COLLEG E HE
THE CO L
Diverse high school students participate in four-day accounting program.
hirty-three Florida high school students from as far away as Kissimmee and Land O’ Lakes got a preview of college life and the exciting career opportunities afforded by a degree in accounting. It all took place when they attended the Minority Summer Residency Program (MSRP) July 13-16, 2009, offered by the Florida Institute of Certified Public Accountants (FICPA) and facilitated by the School of Accounting. Many individuals contribute. The School of Accounting has an active accounting association (FIU-AA) chapter with students happy to volunteer. Faculty members—including the school’s director and a FICPA vice president, Sharon Lassar, and Teresita Brunken (EMST ’86, BBA ’81), assistant director of student
services—presented. An advisory board member and a vice president for Royal Caribbean, Thomas A. Burke (MACC
Entrepreneurial success is no fish story.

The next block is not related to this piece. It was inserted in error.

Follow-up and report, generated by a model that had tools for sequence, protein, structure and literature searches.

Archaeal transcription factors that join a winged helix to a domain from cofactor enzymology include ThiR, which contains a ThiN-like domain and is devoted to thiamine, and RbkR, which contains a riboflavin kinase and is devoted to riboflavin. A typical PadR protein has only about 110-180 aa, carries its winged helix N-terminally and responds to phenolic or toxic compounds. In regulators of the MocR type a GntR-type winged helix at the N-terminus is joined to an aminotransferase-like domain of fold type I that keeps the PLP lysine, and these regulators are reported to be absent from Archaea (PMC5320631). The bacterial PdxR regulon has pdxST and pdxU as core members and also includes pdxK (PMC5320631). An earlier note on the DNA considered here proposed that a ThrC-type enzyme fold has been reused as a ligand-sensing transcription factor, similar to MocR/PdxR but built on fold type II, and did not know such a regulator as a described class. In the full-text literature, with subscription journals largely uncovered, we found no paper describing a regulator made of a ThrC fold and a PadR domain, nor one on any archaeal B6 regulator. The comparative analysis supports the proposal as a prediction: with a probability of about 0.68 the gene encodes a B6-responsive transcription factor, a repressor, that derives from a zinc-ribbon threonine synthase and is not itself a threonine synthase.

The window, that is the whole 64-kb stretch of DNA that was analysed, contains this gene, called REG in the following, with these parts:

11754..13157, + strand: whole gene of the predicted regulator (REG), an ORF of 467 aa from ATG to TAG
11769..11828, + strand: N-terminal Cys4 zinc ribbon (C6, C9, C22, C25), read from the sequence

or Christopher Phillips, a senior business major enrolled in the entrepreneurship track, offered in the business school, a childhood hobby has become a viable business. The last
Entrepreneur Challenge Business Plan Competition deepened his knowledge about the issues he’ll need to contend with, along with ample professional advice. And, along with the other winner, Science Boomers, he has $5,000 to invest in his company, Miami’s Finest Aquarium Services, which services commercial aquariums and hobbyists. He plans to use the award money toward the purchase of a van for his mobile line of work and will continue to build on the relationships he established years ago when he realized he had a talent for tending aquariums. That’s when neighbors started paying him to take care of theirs. Now, night clubs, restaurants and other commercial sites are among his customers, and he already sees opportunities for expansion in such areas as wholesale livestock supplies and coral propagation. From left to right: Science Boomers Pura Rodriguez, Dania Sancho and Elisa Orduy; Irma Becerra-Fernandez, director, Eugenio Pino and Family Global Entrepreneurship Center; Miami’s Finest Aquarium services team members Christopher Phillips and Michael Green